Set Up Your Cloffice Podcast Studio
Those hard walls are going to reflect sound and reverberate. You can line the inside closet walls with acoustic foam panels. You can also put up tapestry hangers on the back wall of the closet, and line the back wall with a quilt or rug. Better yet, hang an extra-large padded memo board on the back wall, to hold your notes while reducing reverb.
Think about your desk. Measure the inside of your closet, to find out what will fit. Now is a good time to streamline your workspace, and determine the minimum amount of stuff you need. If your podcast setup is small and simple, like a laptop, mic, and maybe an interface or digital recorder, you might think you can use a shelf. Treat yourself to a small, stable desk. A wobbly little folding tray table or a shelf meant to hold socks might hold your gear, but is it comfortable to work on?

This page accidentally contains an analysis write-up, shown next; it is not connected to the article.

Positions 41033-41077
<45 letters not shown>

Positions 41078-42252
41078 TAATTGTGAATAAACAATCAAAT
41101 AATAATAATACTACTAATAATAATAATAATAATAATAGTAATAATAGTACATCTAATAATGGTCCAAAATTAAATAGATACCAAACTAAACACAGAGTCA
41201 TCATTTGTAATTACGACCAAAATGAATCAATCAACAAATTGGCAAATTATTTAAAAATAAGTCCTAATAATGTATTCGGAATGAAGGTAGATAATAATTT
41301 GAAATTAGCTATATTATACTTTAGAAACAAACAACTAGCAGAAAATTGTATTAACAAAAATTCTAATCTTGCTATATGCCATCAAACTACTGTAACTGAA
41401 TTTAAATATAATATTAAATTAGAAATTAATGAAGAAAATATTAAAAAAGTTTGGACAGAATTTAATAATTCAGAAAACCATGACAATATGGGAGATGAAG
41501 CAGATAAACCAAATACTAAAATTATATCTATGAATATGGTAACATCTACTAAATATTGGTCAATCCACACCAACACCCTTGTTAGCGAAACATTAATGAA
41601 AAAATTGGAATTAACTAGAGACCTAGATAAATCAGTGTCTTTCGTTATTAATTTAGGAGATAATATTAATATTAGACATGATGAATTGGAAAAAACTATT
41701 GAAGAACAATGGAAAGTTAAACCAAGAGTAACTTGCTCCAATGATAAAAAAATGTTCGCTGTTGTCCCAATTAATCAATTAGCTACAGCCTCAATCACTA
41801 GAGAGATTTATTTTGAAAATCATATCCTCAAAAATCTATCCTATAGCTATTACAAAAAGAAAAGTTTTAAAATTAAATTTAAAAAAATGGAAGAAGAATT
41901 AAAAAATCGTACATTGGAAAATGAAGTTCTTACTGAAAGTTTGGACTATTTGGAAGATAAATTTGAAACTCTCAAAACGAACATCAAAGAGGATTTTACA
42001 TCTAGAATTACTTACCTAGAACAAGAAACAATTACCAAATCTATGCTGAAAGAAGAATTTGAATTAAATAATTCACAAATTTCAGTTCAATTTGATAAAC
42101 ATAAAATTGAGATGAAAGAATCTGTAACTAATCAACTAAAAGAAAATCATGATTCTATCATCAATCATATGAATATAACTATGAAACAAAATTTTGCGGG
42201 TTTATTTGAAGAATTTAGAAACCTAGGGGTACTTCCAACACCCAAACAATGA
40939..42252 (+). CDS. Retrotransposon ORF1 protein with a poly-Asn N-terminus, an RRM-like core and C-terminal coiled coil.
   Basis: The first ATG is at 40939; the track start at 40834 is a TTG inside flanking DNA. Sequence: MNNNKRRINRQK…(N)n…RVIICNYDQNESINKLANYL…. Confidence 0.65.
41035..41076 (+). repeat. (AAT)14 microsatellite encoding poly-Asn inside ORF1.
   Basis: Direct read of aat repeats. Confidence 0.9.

Electricity, is, unfortunately, necessary in your podcast studio, (though here are some tips for podcasting without it!) and you don’t want cord clutter. If you have grounded electrical outlets in your closet, bully for you, Ms. Kardashian, and where are you going to put all those clothes?
Seriously, let’s start with lighting. You can stick battery-powered LED “puck” lights to your closet walls with heavy-duty double-stick tape. GE’s UltraPro 7-Outlet 36362 surge protector has a 15-foot power cable, 2 USB ports, and three of the outlets are spaced for larger adapters. Plus, it has keyholes on the back for wall mounting, so you won’t have to worry about the cat stepping on the power switch.